I dream my scenes before I write them. Honestly! I’ve been a lucid dreamer from early childhood.
What is the hardest thing about writing a book?
The hardest thing about writing any book is doing it – that is, putting your posterior in the chair and typing the words.
Do you have a routine that you use to get into the right frame of mind to write?
I need to get enough sleep. LOL. And, contrary to what most writers find about writing in the morning, I’m a nighthawk. I have to clear the decks of all my other chores during the day and then I sit down late in the afternoon and the creative juices start to flow. I do my best work from 8 pm to midnight.
Where is your favorite place to write?
I’d love to say I write in a cozy café or some unique or exotic locale but honestly I sit in my home office. That’s where I have easy access to all my reference books, the kitchen when I need a cup of tea, and a hug from my hubby when I’m convinced I can’t write a single word worth reading.
Where did you grow up and do you think it influenced your writing?
I’m a pirate at heart.
I was born on an island in the North Atlantic, off the east coast of Canada, called Newfoundland. Its history dates back to the Vikings, and, culturally, we lean heavily to Irish. There were still Gaelic speakers in Newfoundland well into the 20th century.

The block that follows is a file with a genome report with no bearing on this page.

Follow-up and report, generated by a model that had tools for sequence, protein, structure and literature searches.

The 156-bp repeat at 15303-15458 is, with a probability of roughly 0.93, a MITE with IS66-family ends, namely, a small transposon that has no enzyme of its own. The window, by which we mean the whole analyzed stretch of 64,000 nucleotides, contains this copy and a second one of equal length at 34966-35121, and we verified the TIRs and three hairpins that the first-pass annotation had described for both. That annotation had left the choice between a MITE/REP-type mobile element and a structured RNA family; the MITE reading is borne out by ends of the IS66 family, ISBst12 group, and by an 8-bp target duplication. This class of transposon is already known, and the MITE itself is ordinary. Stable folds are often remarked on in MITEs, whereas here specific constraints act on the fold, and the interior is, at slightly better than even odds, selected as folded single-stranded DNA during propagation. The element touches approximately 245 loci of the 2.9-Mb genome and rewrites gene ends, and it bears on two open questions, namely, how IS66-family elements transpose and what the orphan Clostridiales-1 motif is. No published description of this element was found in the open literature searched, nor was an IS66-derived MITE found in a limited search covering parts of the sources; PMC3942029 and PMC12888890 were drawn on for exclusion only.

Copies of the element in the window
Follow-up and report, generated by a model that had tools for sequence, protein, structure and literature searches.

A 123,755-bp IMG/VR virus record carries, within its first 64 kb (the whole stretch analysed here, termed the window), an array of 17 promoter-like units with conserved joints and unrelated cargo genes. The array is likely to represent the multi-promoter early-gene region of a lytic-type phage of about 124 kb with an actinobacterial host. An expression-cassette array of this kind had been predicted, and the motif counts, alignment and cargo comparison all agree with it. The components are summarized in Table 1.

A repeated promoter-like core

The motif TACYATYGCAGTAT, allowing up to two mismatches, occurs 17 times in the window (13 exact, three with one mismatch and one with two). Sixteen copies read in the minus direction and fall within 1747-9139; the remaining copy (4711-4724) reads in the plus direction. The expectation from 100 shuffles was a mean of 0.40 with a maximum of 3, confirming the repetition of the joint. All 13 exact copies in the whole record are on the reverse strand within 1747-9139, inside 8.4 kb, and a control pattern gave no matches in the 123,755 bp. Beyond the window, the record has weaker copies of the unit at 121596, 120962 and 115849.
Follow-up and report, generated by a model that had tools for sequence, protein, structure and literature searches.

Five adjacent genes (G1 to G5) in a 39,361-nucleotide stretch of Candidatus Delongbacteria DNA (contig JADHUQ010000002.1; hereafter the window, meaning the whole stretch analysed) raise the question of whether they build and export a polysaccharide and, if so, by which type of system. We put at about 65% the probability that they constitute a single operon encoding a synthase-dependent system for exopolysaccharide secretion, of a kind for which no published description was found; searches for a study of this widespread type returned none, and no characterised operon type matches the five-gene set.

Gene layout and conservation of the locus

Until I started researching for my first book, Witch in the Wind, I didn’t realize there was a little-known yet long-established tradition of witch lore in Newfoundland culture. My ancestors believed in everything from fairies to leprechauns, four-leaf clovers to banshees, and had all sorts of rituals to ward off evil spirits or bad luck. And, like the Irish, we love to spin a tale! Supposedly my family line goes back to the rebel, Michael Collins. And I did navigate a pirate ship once (see photo), but that’s a whole other story. Suffice it to say, folktales and storytelling are bred into my family genes.
What do you do in your free time?
My husband can really call me a ‘gold digger’ after this trip to the Saskatchewan River!
What free time???? I write, do the dishes, I write, walk the dogs, I write, have coffee with my writing partner, I write…..you get the picture. LOL
Truthfully, I do love to take the dogs out. We have two, a Bichon Shih Tzu cross named Kipper (aka my little dead fish) and a Bichon rescue, named Benny (aka the knicker-napper).
Lacrosse is the second Canadian national sport along with hockey and we have season tickets to watch the Calgary Roughnecks in the National Lacrosse League (NLL). My hubby and I also love to go ‘rock hounding’. On one of our most exciting field trips, we found a bed of dinosaur bones in Drumheller, Alberta. We’ve also taken a few workshops on silversmithing so that we can make jewelry when we start finding semi-precious stones on our expeditions. I already make beaded jewelry and I do a bit of painting and pottery. My latest passion is art journaling.